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In Part 1, I introduced the types of cell walls out there and what they are made of – now it’s time to learn how to get through them.
1. Mechanical methods of cell disruption
Mechanical cell disruption is really just that: forcing open the cell wall and spilling the contents. The advantage to mechanical disruption is that no chemicals are introduced that might interfere with the substance you want to extract. The drawback however is that the method has to be carefully adjusted as to not destroy that molecule of interest.
Mortar and Pestle
Just give the cells a good old grinding. This does not have to be in suspension and is often done with plant samples frozen in liquid nitrogen. When the material has been disrupted, metabolites can be extracted by adding solvents.
Glass or ceramic beads are used to crack open cells – it might not sound like it, but this kind of mechanical shear is gentle enough to keep organelles intact. It can be used with all kinds of cells, just add beads to an equal amount of cell suspension and vortex!
Ultrasonic homogenizers work by inducing vibration in a titanium probe that is immersed in the cell solution. A process called caviation occurs, in which tiny bubbles are formed and explode, producing a local shockwave and disrupting cell walls by pressure change. This method is very popular for plant and fungal cells but comes at a disadvantage: It’s very loud and has to be performed in an extra room, otherwise you will be very unpopular.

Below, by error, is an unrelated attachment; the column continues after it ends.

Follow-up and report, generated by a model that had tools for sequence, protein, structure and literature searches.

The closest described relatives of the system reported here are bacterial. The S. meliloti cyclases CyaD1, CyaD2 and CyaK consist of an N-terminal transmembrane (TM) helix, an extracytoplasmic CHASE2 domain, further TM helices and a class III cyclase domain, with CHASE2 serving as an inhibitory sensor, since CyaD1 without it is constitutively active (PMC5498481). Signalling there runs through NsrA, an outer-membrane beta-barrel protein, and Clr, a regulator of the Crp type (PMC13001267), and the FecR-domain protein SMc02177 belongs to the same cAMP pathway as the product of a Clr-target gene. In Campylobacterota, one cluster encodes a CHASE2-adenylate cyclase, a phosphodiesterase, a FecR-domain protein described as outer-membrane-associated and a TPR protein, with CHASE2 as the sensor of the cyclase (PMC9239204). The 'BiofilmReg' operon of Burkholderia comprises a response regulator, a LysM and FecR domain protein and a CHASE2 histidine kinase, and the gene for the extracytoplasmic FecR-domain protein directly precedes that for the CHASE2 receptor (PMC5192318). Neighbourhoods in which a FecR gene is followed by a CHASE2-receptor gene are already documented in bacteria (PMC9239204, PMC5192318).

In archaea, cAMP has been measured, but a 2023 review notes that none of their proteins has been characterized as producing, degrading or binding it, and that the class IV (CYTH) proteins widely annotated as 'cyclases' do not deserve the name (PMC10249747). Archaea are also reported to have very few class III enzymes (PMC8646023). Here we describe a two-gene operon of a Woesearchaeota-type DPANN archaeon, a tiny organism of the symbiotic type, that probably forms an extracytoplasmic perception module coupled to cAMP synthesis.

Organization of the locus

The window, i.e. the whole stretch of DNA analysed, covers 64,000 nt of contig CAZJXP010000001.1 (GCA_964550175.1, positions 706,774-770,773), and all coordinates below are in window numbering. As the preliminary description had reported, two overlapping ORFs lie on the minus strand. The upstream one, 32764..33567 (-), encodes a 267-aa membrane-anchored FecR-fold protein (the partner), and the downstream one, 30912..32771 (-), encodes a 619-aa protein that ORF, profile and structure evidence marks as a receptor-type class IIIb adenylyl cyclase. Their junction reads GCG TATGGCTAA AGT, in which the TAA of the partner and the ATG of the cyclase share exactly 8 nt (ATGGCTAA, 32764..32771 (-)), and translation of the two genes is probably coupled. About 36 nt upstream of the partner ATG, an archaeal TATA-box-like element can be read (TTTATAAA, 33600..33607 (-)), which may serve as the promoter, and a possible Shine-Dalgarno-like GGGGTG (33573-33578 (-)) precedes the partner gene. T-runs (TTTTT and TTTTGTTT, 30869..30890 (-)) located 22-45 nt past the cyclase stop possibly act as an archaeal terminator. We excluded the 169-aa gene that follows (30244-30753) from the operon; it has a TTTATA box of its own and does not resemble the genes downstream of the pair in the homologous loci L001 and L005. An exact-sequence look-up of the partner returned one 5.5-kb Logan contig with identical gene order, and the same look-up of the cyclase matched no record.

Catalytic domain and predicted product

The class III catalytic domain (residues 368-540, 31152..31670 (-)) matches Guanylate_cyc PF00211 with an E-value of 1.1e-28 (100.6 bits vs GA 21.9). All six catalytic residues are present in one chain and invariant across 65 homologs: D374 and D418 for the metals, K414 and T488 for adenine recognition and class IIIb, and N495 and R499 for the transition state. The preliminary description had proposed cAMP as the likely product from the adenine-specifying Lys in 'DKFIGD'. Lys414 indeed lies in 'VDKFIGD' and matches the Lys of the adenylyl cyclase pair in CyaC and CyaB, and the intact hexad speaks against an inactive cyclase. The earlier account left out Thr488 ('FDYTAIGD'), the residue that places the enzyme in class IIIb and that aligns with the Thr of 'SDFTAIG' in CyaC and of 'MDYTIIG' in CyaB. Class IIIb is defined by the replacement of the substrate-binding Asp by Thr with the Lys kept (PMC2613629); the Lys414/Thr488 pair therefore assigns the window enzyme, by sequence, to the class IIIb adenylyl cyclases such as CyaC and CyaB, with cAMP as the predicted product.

Homogenizers use shearing forces on the cell similar to the bead method. Homogenization can be performed by squeezing cells through a tube that is slightly smaller than them, thereby shearing away the outer layer (French Press) or by using a rotating blade like in a blender (Rotor-Stator Processors).
Freeze-thaw cycles work by formation of ice crystals and cell expansion upon thawing, ultimately leading to rupture. Used for algae and soft plant material. The drawback is that it is very time-consuming.
High temperatures (Microwave, Autoclave)
High temperatures (and pressure) disrupt bonds within cell walls, but also denature proteins. Although it is quick, you better find another method if your application is affected by the damage heat does to the rest of the cell.
2. Non-mechanical methods
Non-mechanical methods involve the addition of enzymes or chemicals that specifically break down cell wall components. They are often used in combination with mechanical force to ensure complete disruption of the cell. The disadvantage to their use is that they often have to be removed from the sample afterwards.
Naturally occurring enzymes can be used to remove the cell wall specifically, for example when isolating the protoplast (cell without the wall). Depending on what organism you work with, that can be cellulases, chitinase, bacteriolytic enzymes like lysozyme (destroys peptidoglycans), mannase, glycanase (etc. ).
Organic solvents like alcohols, ether or chloroform can disrupt the cell wall by permeabilizing cell walls and membranes. They are especially handy if you want to extract hydrophobic molecules (like plant pigments) because they will be collected in the solvent. Often used on plants in combination with shearing forces.
EDTA can be used specifically to disrupt the cell walls of gram negative bacteria, whose cell walls contain lipopolysaccharides that are stabilized by cations like Mg2+ and Ca2+. EDTA will chelate the cations leaving holes in the cell walls.
Now you are armed with ideas and ready to attack your cells! If you want to go back to finding out what your cell wall is likely to consist of before you chose a method, read it here!